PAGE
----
Finding a rash on face is never fun. Rashes as we all know can hurt, itch, burn and just generally be terribly uncomfortable and even if they feel just fine, they can still result in reasonable psychological distress. No one likes a rash and the stigma associated with them makes them even harder to deal with. Even more unfortunate is the fact that rashes are so general It can be difficult to figure out exactly what the causes are and so management generally boils down to a few shots in the dark, until it starts to bother you enough to ask your doctor. Here we’ll go over some of the most common causes of facial rashes (and rashes in general, since they’re usually similar), and ways you can expect to treat them.
Rashes have a handful of common general causes. The first of these that we’ll consider are the fungal ones.
Rashes belonging to this class tend to be caused by yeasts, most of which live on the skin naturally but under certain circumstances can become a problem. The most common rashes you’ll see in these cases are caused by yeasts of the genus Malasezzia which cause the common skin condition tinea versicolor. While tinea versicolor tends to affect the body as a whole it can also cause rashes specifically on the face. These tend to manifest as pale, tan or whitish rashes that can look like groups of oval or amoeboid spots, which can merge with one another over time to form a single large patch.
Rashes are sometimes caused by allergic reactions, as well. These usually look red and are caused by the autoimmune reaction that we refer to as hives. Usually these go away after exposure to the allergen and don’t last for very long. They can be itchy though and are never pleasant to experience.
Heat rashes are red or pink areas of skin that present what look to be pimples and occur when sweat ducts are blocked. While this usually happens in areas covered with clothing it can occur on the face if one neglects to wash frequently or suffers from severe acne. In this case the heat rash can persist until the sweat ducts clear and will often itch or occasionally, present as somewhat painful.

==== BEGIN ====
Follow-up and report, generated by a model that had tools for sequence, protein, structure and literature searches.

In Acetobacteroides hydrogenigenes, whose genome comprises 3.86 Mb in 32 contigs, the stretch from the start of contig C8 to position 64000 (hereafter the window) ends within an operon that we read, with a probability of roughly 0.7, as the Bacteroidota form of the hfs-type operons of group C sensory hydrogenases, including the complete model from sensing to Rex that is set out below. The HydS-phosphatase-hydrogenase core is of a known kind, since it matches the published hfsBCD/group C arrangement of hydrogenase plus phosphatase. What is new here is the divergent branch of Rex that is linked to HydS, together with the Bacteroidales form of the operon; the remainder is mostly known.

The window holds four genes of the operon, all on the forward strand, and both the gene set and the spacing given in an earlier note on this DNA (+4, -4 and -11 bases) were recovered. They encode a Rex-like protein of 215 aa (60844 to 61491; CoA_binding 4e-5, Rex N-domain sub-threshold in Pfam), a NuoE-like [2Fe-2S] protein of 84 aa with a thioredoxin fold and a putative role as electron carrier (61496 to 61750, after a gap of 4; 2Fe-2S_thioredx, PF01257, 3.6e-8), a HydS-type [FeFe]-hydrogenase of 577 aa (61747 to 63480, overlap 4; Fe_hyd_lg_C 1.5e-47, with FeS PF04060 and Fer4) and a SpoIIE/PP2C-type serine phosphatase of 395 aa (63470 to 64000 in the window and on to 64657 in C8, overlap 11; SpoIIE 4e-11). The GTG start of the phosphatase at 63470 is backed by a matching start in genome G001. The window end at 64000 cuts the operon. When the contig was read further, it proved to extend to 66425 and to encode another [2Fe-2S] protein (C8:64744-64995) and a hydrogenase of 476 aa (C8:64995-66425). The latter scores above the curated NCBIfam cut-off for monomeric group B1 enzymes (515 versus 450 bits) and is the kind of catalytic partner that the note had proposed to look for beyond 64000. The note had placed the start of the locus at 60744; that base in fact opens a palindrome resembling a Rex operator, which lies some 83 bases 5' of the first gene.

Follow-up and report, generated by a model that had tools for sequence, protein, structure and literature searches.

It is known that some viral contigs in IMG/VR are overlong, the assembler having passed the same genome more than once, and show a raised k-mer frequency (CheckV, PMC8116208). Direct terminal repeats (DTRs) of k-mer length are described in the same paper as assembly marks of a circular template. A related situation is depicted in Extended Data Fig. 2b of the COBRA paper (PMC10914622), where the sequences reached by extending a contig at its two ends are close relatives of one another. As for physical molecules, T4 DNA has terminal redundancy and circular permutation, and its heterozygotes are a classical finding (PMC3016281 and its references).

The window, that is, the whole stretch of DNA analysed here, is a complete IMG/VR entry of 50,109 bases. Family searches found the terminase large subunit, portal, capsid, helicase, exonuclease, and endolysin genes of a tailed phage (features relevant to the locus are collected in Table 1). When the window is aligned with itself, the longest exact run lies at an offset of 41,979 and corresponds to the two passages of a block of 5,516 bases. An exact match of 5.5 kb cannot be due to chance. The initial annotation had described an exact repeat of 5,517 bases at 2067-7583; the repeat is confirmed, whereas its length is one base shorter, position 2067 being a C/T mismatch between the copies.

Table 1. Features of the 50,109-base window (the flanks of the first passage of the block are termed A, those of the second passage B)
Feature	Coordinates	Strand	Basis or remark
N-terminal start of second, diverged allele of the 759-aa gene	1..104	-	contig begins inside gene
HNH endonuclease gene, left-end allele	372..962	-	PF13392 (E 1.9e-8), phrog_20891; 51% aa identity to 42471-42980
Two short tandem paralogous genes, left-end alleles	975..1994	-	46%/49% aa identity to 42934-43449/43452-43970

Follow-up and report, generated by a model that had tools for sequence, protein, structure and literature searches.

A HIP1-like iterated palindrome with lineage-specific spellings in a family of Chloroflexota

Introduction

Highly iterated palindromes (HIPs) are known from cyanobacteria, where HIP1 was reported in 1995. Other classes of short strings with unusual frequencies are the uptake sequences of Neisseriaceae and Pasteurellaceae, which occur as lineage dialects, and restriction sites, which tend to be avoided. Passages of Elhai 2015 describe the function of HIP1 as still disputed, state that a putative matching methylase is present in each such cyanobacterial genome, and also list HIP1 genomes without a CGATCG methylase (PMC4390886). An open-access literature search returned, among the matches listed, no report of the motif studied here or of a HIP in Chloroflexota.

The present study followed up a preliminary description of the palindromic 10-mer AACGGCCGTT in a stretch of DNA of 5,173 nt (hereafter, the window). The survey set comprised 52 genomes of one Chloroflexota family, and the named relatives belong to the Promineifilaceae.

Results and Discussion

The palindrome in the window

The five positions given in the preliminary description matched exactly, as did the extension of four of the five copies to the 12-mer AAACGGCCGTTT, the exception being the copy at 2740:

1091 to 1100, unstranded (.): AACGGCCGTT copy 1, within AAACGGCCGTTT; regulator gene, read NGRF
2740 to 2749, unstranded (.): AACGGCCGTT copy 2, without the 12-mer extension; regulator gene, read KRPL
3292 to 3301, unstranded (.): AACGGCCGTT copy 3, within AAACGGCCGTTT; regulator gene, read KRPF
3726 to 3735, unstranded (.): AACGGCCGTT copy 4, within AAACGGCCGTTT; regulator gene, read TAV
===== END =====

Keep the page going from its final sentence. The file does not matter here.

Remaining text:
Treating Rash on Face
Treatment of facial rashes depends of course on the cause of the rash on face. If it’s fungal the most common treatments are topical. This means you’ll be applying a cream, lotion or shampoo to the affected area in order to kill the fungus. The most common over the counter solution here is Selsun Extra Strength a 2.5% selenium sulfide solution that is often effective in treating tinea versicolor infections. Sometimes it can take a few months before discoloration disappears even if the root cause of the fungal rash has been eliminated so be patient. Other options for fungal rashes include oral antifungals which your doctor will prescribe if he or she deems it necessary.
As mentioned above rashes in response to allergens tend to disappear right after the allergen is removed. If this is the case there’s not much one can do to treat other than avoid the allergen in the first place or remove it if present.
Heat rashes are pretty easy to treat. If they occur on the face just make sure to keep the face clean with calamine lotion or hydrocortisone cream. At that point it’s just a matter of keeping the skin dry and letting the area stay cool and dry so the rash can take care of itself.
The easiest preventative measures you can take here are to avoid allergens this at least eliminates at least one of these rashes.
The other two rashes have something in common, they occur when the skin is dirty, sweaty and hot. To minimize your risk of developing either heat rashes or fungal rashes make sure you regularly clean the skin, shower after exercises, wear loose clothing whenever you can and try to make sure you shower immediately after sweating a lot. This makes your skin a less friendly environment for yeast to grow on and thus reduces the risk of a rash on face.